Her own spinning was far from good enough for warp. This was the most difficult to obtain, for her mother, like other women, cherished her warp and always knew quite exactly how much she had. So Marie was able to take only very small amounts each time she made a raid on her mother's warp ball. Her warp when accumulated, though well spun,

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was consequently full of knots—square knots; she would take no chance with ghosts—because it was a mass of little pieces. The weft yarn, being in short lengths, was not so inconvenient, for weft is constantly and simply pieced throughout the weaving even under ideal circumstances.

It was not long before she could weave stripes, but she wanted to make designs. If her mother or sister were weaving when she was home, she watched intently, trying to see how the designs were made and wherein her own mistakes lay. But the skilful fingers flew so quickly there was no seeing which warp strands were forward or back, or how many forward strands were necessary for this triangle, or how to make the steeper sides of that one.

She was now adept at her thieving. When her mother stopped to cook, she stationed her younger sister before the door of the hogan. She was to warn Marie if their mother returned to the house. After Marie had stolen a supply of yarn, she had time with the pointed end of the comb to push her mother's pattern up, thus loosening it so she could count the stitches. After such a dissection she again tried her own design, but it did not look right. So the next day she crawled behind the loom while her mother was weaving. She seized every opportunity to do this like a puppy nuzzling a sleeping place. But Marie was far from asleep. When her mother asked in astonishment why she sat there, Marie answered that she preferred it as a place to sit. The men all teased her; but after all, if she wanted to sit there, what harm was it? She sat there so that she could count the warps as her mother wove.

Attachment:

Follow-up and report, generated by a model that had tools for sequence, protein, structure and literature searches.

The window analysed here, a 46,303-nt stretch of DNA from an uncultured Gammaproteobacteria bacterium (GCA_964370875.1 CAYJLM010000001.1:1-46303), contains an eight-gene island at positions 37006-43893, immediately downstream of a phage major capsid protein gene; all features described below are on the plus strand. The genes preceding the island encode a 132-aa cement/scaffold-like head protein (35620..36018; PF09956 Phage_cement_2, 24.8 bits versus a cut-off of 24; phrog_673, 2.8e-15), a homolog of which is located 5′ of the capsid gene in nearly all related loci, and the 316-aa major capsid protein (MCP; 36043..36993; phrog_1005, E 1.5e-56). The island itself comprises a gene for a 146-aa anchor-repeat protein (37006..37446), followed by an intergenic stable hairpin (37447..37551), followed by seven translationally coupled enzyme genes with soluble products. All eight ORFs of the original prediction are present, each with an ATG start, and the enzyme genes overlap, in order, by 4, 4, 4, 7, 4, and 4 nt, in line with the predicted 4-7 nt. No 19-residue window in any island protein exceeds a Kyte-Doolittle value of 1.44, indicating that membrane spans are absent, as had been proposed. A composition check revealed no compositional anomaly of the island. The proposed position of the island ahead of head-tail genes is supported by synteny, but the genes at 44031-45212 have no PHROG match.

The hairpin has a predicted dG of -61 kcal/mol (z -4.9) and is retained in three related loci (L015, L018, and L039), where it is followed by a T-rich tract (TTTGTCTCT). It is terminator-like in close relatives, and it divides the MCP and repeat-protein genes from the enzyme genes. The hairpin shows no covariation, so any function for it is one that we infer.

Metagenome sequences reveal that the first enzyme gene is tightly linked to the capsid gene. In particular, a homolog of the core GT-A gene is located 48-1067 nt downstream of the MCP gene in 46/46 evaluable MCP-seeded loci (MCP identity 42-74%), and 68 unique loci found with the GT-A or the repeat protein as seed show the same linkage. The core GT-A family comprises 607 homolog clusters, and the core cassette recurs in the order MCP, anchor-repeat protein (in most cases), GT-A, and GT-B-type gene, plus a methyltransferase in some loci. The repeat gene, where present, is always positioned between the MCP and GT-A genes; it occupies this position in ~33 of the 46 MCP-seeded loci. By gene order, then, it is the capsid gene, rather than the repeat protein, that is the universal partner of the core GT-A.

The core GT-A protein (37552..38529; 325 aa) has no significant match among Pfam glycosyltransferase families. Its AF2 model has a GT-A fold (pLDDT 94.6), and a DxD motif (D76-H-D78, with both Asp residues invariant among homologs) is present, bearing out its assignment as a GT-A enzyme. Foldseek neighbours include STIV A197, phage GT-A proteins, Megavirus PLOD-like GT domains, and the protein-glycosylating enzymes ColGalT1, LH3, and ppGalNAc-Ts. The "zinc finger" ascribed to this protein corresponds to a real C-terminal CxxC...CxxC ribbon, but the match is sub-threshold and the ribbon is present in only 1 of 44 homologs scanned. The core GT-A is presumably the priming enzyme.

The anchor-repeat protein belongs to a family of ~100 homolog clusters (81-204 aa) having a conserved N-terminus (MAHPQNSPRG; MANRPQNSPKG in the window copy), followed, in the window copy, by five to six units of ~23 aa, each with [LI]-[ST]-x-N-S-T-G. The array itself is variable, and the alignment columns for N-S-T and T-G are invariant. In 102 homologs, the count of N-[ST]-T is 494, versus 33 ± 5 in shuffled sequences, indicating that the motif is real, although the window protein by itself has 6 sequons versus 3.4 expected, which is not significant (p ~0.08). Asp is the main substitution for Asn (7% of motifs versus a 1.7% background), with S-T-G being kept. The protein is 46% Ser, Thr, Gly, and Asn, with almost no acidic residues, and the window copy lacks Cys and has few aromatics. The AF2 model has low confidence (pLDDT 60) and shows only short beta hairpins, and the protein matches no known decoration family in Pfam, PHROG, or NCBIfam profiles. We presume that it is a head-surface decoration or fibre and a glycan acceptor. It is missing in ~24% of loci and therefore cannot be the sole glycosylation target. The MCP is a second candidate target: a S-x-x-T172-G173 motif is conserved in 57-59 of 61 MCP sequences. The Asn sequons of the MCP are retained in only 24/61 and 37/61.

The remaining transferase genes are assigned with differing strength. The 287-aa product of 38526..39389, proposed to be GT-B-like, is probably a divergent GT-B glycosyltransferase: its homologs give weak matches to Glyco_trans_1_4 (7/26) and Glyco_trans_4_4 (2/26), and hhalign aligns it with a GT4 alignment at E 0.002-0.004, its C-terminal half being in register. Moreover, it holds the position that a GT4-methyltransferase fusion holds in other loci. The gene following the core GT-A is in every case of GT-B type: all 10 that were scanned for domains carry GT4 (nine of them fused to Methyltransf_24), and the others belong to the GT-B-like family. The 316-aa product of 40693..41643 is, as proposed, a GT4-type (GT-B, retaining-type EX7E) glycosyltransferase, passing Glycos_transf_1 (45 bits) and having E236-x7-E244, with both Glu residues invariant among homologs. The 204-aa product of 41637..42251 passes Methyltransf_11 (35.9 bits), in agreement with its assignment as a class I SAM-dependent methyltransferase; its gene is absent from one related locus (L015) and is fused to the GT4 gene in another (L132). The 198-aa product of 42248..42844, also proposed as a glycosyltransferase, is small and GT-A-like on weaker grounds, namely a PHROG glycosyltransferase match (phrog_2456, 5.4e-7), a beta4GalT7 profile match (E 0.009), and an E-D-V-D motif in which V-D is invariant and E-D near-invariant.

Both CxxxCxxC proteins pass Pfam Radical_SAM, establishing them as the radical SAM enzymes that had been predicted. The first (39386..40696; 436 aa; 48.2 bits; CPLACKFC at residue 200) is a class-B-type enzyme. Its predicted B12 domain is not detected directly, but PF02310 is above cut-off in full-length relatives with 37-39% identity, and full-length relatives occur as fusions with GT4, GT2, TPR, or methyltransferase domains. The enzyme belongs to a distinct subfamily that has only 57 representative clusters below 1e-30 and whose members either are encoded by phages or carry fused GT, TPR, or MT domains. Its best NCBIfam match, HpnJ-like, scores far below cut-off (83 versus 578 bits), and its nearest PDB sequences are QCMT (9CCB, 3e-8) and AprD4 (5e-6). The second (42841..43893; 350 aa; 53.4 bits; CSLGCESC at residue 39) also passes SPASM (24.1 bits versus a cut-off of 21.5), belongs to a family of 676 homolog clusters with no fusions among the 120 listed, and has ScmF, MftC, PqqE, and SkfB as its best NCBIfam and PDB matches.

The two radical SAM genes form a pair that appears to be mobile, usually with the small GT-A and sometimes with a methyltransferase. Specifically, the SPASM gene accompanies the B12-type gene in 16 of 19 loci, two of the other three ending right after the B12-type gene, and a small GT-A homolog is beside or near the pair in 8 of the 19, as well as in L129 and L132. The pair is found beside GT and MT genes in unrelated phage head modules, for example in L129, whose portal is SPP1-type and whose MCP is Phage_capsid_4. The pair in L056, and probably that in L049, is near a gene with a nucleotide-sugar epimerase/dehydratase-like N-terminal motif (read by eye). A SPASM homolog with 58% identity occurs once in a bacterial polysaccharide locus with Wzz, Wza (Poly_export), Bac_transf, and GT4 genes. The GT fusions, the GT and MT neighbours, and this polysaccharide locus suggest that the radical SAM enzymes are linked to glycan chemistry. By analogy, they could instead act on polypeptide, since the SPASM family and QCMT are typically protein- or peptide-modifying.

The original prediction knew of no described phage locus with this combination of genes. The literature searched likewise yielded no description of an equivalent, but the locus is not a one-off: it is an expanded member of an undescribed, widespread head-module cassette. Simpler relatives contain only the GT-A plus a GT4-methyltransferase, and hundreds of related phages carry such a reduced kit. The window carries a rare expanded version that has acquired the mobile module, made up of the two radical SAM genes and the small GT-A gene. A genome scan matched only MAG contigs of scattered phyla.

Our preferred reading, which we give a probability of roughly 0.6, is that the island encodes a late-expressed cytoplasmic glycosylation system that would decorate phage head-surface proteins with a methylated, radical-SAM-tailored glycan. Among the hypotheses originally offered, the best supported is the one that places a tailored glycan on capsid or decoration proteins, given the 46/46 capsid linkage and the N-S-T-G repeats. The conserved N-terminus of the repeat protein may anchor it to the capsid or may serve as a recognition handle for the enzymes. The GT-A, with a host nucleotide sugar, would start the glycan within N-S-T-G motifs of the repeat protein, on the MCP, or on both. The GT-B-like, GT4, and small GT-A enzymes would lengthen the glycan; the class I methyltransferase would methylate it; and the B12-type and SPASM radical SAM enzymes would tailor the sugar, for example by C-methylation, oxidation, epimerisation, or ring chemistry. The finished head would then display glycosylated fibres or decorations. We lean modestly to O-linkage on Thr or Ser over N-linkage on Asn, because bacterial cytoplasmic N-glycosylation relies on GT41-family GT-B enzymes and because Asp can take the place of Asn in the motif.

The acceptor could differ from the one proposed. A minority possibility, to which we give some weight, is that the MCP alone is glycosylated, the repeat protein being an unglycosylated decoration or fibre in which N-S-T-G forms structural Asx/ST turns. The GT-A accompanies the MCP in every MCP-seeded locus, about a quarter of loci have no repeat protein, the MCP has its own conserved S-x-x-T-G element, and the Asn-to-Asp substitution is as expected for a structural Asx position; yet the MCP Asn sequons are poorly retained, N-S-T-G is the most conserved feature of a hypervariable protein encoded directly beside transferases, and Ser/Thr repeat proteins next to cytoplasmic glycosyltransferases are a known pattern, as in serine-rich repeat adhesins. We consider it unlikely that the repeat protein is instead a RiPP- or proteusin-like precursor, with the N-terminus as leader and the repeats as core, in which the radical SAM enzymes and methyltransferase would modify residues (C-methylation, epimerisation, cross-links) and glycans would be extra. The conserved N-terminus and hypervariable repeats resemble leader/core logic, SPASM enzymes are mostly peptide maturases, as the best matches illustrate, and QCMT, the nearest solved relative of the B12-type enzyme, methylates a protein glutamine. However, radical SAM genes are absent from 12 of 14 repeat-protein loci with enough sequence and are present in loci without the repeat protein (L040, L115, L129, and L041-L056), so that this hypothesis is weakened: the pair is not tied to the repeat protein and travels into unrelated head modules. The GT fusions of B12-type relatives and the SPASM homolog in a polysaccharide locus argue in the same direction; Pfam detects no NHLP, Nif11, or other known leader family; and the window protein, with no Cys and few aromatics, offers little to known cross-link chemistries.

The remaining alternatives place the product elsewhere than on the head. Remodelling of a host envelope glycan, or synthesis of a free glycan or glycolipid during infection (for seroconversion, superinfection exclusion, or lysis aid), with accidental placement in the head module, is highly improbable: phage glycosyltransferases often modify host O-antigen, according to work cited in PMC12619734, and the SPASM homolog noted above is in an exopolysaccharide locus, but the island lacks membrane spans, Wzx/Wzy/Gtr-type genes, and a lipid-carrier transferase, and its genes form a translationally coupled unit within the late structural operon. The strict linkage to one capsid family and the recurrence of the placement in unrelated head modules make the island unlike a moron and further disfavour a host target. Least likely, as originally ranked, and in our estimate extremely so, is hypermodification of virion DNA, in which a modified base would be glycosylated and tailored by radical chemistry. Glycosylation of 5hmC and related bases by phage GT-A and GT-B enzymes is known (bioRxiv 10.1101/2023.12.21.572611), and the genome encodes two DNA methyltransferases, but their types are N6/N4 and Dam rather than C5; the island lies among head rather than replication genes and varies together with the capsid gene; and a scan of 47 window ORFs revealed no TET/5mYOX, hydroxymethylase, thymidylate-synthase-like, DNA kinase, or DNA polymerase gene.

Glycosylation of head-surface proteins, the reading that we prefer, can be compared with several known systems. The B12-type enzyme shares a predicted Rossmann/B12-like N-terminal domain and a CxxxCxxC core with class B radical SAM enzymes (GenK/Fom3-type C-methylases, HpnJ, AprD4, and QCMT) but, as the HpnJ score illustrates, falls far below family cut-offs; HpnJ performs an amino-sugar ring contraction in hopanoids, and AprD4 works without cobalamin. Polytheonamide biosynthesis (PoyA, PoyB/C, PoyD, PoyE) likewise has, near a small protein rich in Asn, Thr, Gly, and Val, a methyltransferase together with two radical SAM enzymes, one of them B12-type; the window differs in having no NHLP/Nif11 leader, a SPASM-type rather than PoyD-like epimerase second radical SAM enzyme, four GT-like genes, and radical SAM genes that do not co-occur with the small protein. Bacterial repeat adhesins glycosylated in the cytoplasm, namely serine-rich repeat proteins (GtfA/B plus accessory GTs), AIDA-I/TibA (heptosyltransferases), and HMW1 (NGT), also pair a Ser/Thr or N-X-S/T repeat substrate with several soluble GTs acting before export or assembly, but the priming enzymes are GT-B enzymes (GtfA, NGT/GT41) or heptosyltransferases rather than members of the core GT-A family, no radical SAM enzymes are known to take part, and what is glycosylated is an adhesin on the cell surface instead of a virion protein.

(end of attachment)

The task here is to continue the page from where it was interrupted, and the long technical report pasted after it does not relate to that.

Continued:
So she continued the struggle. Sometimes she became so discouraged she threw the loom away from her in a rage and vowed never to go near it again. But its very crudeness fascinated

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her; she gathered it up again, and with tears of disappointment tried "just once more." Finally the first of her blankets was finished. Instead of proudly taking it home, she hung it in shame on a tree as far from her hogan as she ever took the sheep. Three of her works of art became the prey of the elements before her mother found out that she could weave.

Next: Chapter VII: Results